• Implementers SHOULD avoid populating keys associated with null values or empty strings, but SHOULD be tolerant of such values when retrieving data.

  • Implementers MUST NOT overload a single key with multiple types (other than derived types as discussed above). If there are multiple possible representations, use separate keys to clearly identify them.

  • Avoid using types that are likely to change signatures between versions.

  • Prefer base types (e.g. int, string, etc.) or common types in the .NET framework that have existed for multiple releases (e.g. Stream).

  • Values in the request Environment collection are assumed to be alive and accurate only for the lifetime of the request. Consumers SHOULD NOT retain or attempt to use values after a request has completed or failed. Where a value advertises a specific capability, that capability is only assumed to be available for that request instance and SHOULD be re-verified on future requests.

  • Global capabilities or data SHOULD be communicated as described in section 5 below.

Where any specific value cleanup is required (e.g. Dispose), such cleanup is the responsibility of the component that originally added the value. This should be taken care of as the stack unwinds after a request has completed or failed.

5. Capabilities announcement and detection

It is important for applications to be able to determine if a specific feature is supported by the current server or middleware. The following pattern is recommended for announcing and detecting feature/extension support.

  • At startup the server SHOULD create a server.Capabilities object dictionary in the startup Properties dictionary.

  • This capabilities dictionary is for static capability details that do not change on a per-request basis.

  • The same instance of the capabilities dictionary SHOULD also be included in each request environment dictionary.

  • Each extension SHOULD add to the capabilities Dictionary a featurename.Version key with the associated string value of the latest version of that extension supported (e.g. 1.2).

  • If extensions have defined additional keys used to indicate details, the implementer SHOULD add to the capabilities Dicitonary a featurename.Support Dictionary containing the detailed featurename.FeatureDetail keys and their associated values.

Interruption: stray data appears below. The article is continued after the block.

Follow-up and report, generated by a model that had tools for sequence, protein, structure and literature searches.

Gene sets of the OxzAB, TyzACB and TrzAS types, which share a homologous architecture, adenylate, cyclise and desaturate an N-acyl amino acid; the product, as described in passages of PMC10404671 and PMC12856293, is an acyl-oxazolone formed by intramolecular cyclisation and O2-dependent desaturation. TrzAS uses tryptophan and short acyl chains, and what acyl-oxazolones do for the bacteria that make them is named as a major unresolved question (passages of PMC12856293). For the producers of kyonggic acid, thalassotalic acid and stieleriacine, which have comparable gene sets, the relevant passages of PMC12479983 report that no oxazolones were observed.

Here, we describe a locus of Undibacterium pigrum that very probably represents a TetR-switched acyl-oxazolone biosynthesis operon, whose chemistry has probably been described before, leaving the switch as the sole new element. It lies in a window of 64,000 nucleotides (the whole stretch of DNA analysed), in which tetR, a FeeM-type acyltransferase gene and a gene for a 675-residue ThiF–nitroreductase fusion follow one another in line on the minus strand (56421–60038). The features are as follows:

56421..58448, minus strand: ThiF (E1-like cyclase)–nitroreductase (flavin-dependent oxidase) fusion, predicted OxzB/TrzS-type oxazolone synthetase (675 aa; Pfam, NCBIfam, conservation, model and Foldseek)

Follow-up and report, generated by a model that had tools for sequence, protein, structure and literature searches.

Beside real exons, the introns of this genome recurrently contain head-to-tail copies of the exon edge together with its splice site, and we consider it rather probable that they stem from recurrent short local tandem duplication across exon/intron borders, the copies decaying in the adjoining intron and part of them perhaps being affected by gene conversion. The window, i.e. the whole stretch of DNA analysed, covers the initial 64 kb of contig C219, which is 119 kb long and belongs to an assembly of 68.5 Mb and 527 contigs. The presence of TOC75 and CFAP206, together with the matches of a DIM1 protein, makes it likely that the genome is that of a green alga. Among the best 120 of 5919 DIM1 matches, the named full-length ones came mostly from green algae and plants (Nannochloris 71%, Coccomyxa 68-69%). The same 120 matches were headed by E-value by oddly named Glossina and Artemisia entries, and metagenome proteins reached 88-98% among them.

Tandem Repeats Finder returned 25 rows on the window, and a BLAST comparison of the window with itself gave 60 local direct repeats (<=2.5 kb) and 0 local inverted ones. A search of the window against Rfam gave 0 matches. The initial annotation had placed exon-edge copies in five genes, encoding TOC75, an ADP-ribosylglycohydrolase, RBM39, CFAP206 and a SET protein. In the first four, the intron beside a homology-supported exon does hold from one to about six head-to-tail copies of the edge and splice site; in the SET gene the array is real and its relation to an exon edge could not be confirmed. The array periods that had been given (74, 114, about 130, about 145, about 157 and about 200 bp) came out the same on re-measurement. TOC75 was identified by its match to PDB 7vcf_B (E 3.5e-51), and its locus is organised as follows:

• Per-request feature keys and values should be included directly in the environment dictionary.

6. Common keys

Keys and values listed here are those that are anticipated to be common across multiple implementations, but are not strictly required for basic operations.

Object Name Type Startup Request Description
ssl.ClientCertificate X509Certificate X The client certificate provided during HTTPS SSL negotiation.
server.RemoteIpAddress String X The IP Address of the remote client. E.g. 192.168.1.1 or ::1
server.RemotePort String X The port of the remote client. e.g. 1234
server.LocalIpAddress String X The local IP Address the request was received on. E.g. 127.0.0.1 or ::1
server.LocalPort String X The port the request was received on. E.g. 80
server.IsLocal Boolean X Was the request sent from the same machine? E.g. true or false.
host.TraceOutput .log() / TextWriter X X A tracing output that may be provided by the host.
host.Addresses List Object X A list of per-address server configuration. The following keys are defined with string values: scheme, host, port, path.
server.Capabilities Dictionary Object X X Global capabilities that do not change on a per-request basis. See Section 5 above.
server.OnSendingHeaders function X Allows the caller to register an Action callback that fires as a last chance to modify response headers, status code, reason phrase, or protocol. The object parameter is an optional state object that will passed to the callback
websocket.* X X See the WebSocket extension
sendfile.* X X See the SendFile extension
opaque.* X X See the Opaque extension
coap.* X X See the CoAP extension or limerun/lime-coap
mqtt.* X X See the MQTT extension or limerun/lime-mqtt